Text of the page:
The usual ground for denying a complainant in equity the right to dismiss his bill without prejudice at his own costs is that the cause has proceeded so far that the defendant is in a position to demand on the pleadings an opportunity to seek affirmative relief and he would be prejudiced by being remitted to a separate action. Having been put to the trouble of getting his counter case properly pleaded and ready, he may insist that the cause proceed to a decree.
Skinner & Eddy, 265 U.S. at 93-94, 44 S.Ct. 446, quoted in Jones, 298 U.S. at 20, 56 S.Ct. 654.
It is one thing to protect a defendant's right to pursue an existing counterclaim in the same action that a plaintiff is trying to withdraw. It would be an entirely different matter to require that dismissal of a plaintiff's suit be with prejudice simply to enable the defendant to initiate a new claim for malicious prosecution. Indeed, if loss of the opportunity to initiate a malicious prosecution suit could defeat a dismissal of a plaintiff's suit without prejudice, every defendant could insist on a dismissal with prejudice by asserting an intention to sue for malicious prosecution. Although malicious prosecution is a recognized tort that ought not to be precluded without some justification, it is difficult to imagine circumstances more compelling than those of the pending case to warrant foreclosure of the retaliatory strike that Grimes wants to pursue. Judge Sprizzo acted well within his discretion by effectively ending a litigation war, then in its fourteenth year, with a dismissal without prejudice even though a lawyer, already found to have made an unconscionable claim against his former client, was thereby foreclosed from continuing the war with a malicious prosecution suit.
We recognize that two trial courts have declined to dismiss suits without prejudice, explicitly on the ground that such a dismissal would deprive a defendant of the opportunity to sue for malicious prosecution. See Selas Corp. v. Wilshire Oil Co., 57 F.R.D. 3, 6 (E.D.Pa.1972); In re Sizzler Restaurants International, Inc., 262 B.R. 811, 821 (Bankr.C.D.Cal.2001); see also Kappa Publishing Group, Inc. v. Poltrack, No. 94-7687, 1996 WL 146259, at *2 (E.D.Pa. Mar.29, 1996) (indicating that dismissal without prejudice would deprive a defendant of a “significant right” to maintain an action for malicious prosecution, but that reimbursement of the defendant's fees and costs would “obviate this concern”). Both the district court in Selas, 57 F.R.D. at 7, and the bankruptcy court in Sizzler, 262 B.R. at 822, recognized that a general rule barring a dismissal without prejudice in the face of a defendant's stated intention to sue for malicious prosecution would make such dismissals impossible and therefore refrained from implying such a broad rule. In Selas, the court explicitly limited its decision to the facts of the case, 57 F.R.D. at 7, emphasizing that the party resisting the dismissal without prejudice was “at most a peripheral defendant,” who had “been put to considerable inconvenience and expense as a result of being forced to defend himself,” id. at 6. Whatever equities might have weighed against a dismissal without prejudice in Selas and Sizzler, Judge Sprizzo's carefully conditioned dismissal without prejudice in the pending case was entirely justified. He did not exceed his discretion, notwithstanding the Defendant's expressed intention to bring a suit for malicious prosecution.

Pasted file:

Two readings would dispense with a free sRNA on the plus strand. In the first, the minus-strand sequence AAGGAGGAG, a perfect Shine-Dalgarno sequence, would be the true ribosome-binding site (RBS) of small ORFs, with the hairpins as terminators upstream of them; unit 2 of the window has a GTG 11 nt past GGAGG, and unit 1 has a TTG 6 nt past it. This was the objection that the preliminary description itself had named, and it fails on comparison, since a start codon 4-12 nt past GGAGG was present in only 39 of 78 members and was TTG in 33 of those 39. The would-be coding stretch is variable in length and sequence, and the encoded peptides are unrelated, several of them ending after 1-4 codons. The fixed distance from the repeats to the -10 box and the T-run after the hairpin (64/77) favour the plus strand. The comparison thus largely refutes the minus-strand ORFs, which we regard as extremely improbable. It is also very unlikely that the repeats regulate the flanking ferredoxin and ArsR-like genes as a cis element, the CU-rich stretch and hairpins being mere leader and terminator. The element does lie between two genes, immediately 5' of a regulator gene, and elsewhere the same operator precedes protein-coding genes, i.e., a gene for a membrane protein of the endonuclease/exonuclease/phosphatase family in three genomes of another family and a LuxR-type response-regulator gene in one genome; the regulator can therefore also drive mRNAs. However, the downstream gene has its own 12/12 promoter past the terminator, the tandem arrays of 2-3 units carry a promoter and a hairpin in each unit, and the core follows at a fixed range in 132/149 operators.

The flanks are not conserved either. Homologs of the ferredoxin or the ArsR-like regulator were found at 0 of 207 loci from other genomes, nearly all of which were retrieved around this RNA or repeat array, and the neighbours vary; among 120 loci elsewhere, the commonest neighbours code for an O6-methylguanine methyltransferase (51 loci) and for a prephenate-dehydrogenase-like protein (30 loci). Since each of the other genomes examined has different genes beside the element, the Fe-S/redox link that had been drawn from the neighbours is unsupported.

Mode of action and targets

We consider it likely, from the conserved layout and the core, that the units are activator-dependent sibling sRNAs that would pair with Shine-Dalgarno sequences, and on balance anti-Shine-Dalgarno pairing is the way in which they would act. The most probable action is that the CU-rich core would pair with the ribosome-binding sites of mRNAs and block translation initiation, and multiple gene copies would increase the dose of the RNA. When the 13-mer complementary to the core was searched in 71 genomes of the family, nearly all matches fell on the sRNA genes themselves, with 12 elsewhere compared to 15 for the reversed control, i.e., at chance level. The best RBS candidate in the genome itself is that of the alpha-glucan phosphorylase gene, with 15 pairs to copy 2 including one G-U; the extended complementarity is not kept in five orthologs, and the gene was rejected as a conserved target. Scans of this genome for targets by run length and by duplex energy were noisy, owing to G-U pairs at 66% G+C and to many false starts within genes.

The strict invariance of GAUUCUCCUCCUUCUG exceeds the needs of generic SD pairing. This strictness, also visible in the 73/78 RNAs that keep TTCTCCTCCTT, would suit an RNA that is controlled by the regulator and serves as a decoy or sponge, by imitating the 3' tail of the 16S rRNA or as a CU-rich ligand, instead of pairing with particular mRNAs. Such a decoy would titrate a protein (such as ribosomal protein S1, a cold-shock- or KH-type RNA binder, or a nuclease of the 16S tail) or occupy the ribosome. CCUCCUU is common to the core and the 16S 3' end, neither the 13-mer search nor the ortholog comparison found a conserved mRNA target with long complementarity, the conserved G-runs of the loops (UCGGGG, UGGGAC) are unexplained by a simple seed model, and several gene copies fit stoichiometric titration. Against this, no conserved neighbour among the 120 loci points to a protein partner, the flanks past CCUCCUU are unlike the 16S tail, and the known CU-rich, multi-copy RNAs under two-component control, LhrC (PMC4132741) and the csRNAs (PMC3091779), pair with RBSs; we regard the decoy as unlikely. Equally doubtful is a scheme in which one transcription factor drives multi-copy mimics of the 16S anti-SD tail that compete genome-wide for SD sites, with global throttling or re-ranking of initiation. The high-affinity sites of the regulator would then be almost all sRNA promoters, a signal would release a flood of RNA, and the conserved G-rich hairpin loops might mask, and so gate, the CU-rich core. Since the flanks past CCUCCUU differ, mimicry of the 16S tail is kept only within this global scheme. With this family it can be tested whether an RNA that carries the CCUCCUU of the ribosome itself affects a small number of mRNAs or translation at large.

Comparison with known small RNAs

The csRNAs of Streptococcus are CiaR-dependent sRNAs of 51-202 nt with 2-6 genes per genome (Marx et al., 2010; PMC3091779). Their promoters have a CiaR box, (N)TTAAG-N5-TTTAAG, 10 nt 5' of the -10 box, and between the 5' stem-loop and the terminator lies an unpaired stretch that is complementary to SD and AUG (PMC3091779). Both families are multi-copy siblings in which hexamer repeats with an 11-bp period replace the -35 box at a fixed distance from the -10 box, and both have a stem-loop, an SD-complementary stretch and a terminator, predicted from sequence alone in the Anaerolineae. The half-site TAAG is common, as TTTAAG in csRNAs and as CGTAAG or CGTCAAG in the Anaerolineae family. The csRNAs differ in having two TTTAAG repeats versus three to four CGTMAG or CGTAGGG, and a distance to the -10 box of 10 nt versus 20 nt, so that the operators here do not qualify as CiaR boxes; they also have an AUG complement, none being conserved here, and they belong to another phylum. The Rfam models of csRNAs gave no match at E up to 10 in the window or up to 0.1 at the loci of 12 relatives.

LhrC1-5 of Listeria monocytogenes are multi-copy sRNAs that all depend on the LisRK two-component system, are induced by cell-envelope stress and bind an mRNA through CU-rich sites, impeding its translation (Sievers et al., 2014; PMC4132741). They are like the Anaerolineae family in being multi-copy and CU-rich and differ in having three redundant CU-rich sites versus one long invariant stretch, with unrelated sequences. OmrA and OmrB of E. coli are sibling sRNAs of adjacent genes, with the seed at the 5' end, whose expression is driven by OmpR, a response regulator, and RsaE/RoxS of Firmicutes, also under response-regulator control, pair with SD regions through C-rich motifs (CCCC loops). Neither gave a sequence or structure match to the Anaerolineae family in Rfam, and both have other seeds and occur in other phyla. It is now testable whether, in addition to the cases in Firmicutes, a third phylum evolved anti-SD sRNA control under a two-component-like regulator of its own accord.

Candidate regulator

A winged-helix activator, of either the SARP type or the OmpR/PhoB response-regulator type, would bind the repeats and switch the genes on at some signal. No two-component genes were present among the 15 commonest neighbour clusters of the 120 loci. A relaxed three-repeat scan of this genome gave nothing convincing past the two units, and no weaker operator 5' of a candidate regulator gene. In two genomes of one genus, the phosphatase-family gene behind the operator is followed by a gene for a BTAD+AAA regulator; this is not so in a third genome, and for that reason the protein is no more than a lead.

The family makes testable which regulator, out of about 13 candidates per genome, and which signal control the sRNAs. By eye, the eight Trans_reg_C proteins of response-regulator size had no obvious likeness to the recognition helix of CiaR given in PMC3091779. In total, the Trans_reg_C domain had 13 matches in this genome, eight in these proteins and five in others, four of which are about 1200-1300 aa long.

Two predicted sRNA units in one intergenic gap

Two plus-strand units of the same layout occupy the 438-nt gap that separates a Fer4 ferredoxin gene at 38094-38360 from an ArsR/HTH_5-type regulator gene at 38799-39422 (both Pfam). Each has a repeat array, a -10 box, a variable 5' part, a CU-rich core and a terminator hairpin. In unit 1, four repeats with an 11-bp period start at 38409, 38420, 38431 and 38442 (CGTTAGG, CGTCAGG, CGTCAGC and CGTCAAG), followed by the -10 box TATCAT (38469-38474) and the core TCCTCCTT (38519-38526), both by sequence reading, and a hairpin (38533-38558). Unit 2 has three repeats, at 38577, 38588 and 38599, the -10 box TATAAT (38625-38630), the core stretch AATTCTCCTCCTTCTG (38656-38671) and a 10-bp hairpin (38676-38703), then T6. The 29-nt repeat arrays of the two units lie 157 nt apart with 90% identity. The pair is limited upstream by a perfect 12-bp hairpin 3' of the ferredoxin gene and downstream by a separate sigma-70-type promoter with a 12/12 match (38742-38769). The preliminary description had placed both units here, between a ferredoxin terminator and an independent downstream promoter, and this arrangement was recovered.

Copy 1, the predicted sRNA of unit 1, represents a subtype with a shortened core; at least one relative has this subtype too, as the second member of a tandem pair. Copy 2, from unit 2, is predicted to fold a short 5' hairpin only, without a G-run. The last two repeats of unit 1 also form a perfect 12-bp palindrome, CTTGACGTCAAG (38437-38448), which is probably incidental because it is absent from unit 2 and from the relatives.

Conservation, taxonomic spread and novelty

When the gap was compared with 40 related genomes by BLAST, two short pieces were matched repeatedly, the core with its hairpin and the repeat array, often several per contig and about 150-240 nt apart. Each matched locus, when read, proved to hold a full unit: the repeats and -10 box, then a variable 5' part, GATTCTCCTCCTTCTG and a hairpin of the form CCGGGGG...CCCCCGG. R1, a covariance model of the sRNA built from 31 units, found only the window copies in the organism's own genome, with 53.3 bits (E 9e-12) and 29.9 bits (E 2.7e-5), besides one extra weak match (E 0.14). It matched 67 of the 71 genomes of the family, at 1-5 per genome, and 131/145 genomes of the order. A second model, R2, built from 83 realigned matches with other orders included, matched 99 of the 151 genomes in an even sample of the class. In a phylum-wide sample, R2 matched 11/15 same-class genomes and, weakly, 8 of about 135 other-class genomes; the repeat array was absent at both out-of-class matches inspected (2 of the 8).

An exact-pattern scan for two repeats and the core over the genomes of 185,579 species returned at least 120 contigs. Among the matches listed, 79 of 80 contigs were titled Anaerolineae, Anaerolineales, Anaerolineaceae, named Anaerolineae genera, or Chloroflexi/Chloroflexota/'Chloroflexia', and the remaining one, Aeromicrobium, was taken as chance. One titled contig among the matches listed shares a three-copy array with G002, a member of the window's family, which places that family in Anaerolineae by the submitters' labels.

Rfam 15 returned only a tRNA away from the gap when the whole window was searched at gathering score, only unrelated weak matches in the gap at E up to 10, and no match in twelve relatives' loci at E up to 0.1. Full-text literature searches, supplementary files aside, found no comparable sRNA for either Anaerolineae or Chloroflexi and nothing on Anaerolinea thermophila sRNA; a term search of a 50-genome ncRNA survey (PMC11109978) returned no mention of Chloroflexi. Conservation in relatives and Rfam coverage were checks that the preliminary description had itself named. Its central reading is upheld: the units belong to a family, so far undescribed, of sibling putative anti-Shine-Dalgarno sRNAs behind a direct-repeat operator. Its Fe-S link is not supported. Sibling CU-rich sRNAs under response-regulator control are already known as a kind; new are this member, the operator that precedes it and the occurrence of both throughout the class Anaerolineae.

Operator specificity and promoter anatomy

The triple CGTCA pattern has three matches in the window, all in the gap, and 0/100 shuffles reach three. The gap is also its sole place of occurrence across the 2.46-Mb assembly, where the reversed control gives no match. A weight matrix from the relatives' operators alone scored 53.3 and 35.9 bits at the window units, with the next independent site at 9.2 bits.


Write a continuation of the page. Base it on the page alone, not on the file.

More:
The order of the District Court is affirmed.
1. Federal jurisdiction was founded upon diversity of citizenship; Camilli having established New York citizenship by this time, and Grimes being a resident of Pennsylvania.
JON O. NEWMAN, Circuit Judge.